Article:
The Afar region
After our Lalibela visit, most of the group returned to Addis Ababa for their return flight to South Africa. Eight of us continued on into the Afar region towards the eastern part of the country which is predominantly Muslim. We boarded two Toyota Land Cruisers and headed for the Ne’akuto Le’ab church, built inside a cave on the side of a cliff. This simple church predates the Lalibela churches and is filled with wonderful treasures. Water dripping from the cave roof was channelled into rock crevices and stones that had been ground into receptacles. The water is used for drinking and for baptisms. We were shown medieval manuscripts. I found this church to be an absolute little treasure with the natural light that enters obliquely from the front entrance above the façade of the church. We also visited the rock-hewn church of Genete-Mariam (Paradise of Mary). This monolithic church, constructed in the 13th century, large in design with tall pillars and tinged pink, is very imposing even from afar.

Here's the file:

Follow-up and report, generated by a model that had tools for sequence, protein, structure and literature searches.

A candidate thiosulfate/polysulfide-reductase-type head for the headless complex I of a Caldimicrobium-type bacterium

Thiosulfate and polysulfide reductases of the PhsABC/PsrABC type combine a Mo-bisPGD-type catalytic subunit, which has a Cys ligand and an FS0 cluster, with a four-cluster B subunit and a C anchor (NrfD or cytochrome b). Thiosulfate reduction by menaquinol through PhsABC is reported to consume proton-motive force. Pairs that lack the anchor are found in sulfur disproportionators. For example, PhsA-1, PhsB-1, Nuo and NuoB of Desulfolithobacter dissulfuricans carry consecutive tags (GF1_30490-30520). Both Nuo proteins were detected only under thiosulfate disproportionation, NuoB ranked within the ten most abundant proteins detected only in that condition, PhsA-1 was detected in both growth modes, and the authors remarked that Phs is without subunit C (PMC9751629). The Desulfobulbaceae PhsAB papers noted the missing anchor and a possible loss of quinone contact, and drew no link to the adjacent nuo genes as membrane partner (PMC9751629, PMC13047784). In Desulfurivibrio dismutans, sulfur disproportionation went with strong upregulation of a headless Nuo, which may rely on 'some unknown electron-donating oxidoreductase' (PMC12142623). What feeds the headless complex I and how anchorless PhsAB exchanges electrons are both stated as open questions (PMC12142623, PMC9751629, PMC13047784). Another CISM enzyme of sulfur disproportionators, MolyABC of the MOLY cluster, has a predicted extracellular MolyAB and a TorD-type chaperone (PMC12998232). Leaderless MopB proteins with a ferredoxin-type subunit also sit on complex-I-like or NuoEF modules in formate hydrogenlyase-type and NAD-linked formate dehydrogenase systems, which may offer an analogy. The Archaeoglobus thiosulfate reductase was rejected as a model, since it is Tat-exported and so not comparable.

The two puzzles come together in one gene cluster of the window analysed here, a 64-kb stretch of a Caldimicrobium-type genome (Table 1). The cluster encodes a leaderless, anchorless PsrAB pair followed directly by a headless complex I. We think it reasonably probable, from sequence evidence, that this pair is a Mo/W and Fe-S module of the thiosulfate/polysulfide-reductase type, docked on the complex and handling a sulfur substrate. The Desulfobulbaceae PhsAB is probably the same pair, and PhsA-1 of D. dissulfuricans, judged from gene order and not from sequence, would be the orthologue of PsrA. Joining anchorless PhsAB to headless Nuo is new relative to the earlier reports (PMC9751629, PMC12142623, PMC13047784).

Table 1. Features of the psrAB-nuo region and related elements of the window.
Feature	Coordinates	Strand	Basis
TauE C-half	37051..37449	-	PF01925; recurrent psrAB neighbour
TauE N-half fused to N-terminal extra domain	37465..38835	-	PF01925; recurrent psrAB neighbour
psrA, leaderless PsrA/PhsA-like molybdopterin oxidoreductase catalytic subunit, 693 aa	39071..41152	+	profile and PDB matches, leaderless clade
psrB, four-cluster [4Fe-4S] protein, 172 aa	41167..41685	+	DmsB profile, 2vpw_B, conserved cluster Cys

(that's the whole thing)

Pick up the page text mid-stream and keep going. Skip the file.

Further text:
Driving through the countryside, one is struck by the beautiful tapestry of terraced mountain slopes in varying shades of green. The simple method of ploughing with oxen and tilling the land has been used for centuries. The sorghum and corn stalks stand tall and proud, the pale green teff which blows gently in the breeze looks like a carpet of silk. Its tiny seeds form the basis of enjeera, a cereal used to make the pancake which is the staple food and national dish of Ethiopia. Wheat, long beans and chickpeas grow in abundance in neatly tended patches all over the countryside.